Few of the 14,700 Congolese refugees in Rwanda’s Gihembe camp envisage returning home any time soon. As with Rwanda’s total caseload of 75,000 Congolese refugees, most are Tutsis who arrived between 1995 and 1997 from Masisi and Rutshuru territories in North Kivu, a province which still has a plethora of armed groups, making it too dangerous for the UN to organize refugee returns.
Many of those in Gihembe, such as John Amini Kayihura, arrived as young orphans, fleeing Congolese militias or the Rwandan Interahamwe extremists who did much of the killing during Rwanda’s 1994 genocide.
“I came in 1996 from Mweso in Masisi Territory [in North Kivu Province]. Because we speak Kinyarwanda people cannot distinguish us from Rwandans, so we were chased in DRC and had to come to Rwanda - the Hutus who carried out the 1994 genocide came into DRC and started to kill Congolese Tutsis.
“My parents were killed on the way from DRC. I don’t remember much of what happened on the way to Rwanda.
“I came with my brother, but he’s not here now. He left one day in 2009 when I was in school.
“Getting money for living, getting anything, is not easy. We used to get food from WFP, now we get sent money via mobile phone to pay for food.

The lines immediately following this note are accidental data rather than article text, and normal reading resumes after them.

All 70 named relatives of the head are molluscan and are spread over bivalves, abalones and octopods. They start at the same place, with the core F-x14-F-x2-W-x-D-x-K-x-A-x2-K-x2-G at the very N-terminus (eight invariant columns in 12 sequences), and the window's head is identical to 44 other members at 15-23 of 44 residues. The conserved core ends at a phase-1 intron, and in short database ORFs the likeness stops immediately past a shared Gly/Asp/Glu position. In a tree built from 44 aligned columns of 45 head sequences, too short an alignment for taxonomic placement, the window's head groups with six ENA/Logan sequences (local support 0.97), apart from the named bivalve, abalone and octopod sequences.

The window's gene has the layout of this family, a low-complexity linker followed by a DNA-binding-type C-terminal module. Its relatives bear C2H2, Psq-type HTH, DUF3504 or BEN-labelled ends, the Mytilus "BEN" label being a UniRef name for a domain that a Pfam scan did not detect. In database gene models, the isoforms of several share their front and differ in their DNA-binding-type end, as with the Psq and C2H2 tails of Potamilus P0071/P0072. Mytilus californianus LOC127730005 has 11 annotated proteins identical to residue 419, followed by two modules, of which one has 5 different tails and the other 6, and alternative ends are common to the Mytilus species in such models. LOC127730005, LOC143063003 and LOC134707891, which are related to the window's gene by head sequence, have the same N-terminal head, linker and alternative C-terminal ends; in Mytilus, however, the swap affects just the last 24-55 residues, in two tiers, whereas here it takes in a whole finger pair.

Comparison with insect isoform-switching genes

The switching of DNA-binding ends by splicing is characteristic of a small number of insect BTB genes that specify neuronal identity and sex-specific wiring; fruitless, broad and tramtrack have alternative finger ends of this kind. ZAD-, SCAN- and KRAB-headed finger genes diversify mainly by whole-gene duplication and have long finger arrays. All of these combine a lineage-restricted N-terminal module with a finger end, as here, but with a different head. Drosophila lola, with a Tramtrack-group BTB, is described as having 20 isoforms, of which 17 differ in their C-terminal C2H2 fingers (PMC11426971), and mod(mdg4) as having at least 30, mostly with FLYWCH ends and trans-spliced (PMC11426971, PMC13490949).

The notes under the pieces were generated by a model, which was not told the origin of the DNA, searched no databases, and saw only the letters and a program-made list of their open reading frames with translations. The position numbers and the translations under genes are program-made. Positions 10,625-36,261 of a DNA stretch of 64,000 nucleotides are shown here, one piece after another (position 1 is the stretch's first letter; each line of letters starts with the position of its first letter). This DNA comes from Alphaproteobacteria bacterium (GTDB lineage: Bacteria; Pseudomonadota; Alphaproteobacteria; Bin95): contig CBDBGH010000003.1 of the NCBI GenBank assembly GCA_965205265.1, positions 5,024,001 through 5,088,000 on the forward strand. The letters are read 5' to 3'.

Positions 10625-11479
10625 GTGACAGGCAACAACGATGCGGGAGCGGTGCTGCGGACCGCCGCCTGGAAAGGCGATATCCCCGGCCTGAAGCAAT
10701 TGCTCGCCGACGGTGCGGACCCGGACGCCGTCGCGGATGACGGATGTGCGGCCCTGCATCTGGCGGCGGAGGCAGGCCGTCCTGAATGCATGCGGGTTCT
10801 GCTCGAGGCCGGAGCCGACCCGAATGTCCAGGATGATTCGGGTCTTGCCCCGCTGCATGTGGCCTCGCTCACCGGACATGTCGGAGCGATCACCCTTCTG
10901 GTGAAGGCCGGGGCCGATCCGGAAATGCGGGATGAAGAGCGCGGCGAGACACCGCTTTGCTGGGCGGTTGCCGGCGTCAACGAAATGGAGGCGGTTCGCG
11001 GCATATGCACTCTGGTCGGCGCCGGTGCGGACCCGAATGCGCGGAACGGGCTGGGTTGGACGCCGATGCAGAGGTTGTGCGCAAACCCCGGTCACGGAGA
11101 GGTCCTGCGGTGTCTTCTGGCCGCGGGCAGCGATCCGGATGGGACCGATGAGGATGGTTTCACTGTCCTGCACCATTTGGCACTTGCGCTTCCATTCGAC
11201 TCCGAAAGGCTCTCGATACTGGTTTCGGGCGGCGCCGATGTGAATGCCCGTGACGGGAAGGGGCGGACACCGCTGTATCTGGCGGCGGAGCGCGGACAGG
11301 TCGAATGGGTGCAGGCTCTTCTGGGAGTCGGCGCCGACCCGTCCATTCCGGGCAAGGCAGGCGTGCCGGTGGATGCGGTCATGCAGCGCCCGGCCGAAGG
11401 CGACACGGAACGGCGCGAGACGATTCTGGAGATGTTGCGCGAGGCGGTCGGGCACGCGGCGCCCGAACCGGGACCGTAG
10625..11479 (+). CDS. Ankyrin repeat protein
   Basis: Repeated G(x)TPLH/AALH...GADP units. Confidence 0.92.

“We get free schooling up to three years of secondary, after that we have to pay.
“I teach in the secondary school, and earn enough money to buy some clothes, but it’s not very much.
“As a youth leader I focus on sport and leisure so as to forget my life here.
“I have never been back to DRC. I don’t see a good future for me. When you see this life, it’s no way to prepare for a good future. You can do that when you have your land and your rights.
“Once peace returns to DRC we could repatriate. But then the big problem is the Interahamwe is still there and our land is taken by other people.
“Also the ideology of other tribes is a big issue, one that led us to come to Rwanda. If this ideology is still there it will not be easy to go back. But we are Congolese.
“When we came [from DRC] to Rwanda they attacked and killed us at Mudende [refugee camp]. There has been no follow-up [to these 1997 massacres].
“Many of us need another place to be located [in DRC] where they are safe.
“Because I left when I was young I don’t know where my land is and I don’t know anybody who could show me. There are so many who don’t know exactly where they came from.
“I don’t have any hope for repatriation. It would be much better to be located somewhere else; I am talking about resettlement. I would rather go somewhere else than DRC. Some friends of mine went back there, but returned shortly because of insecurity.”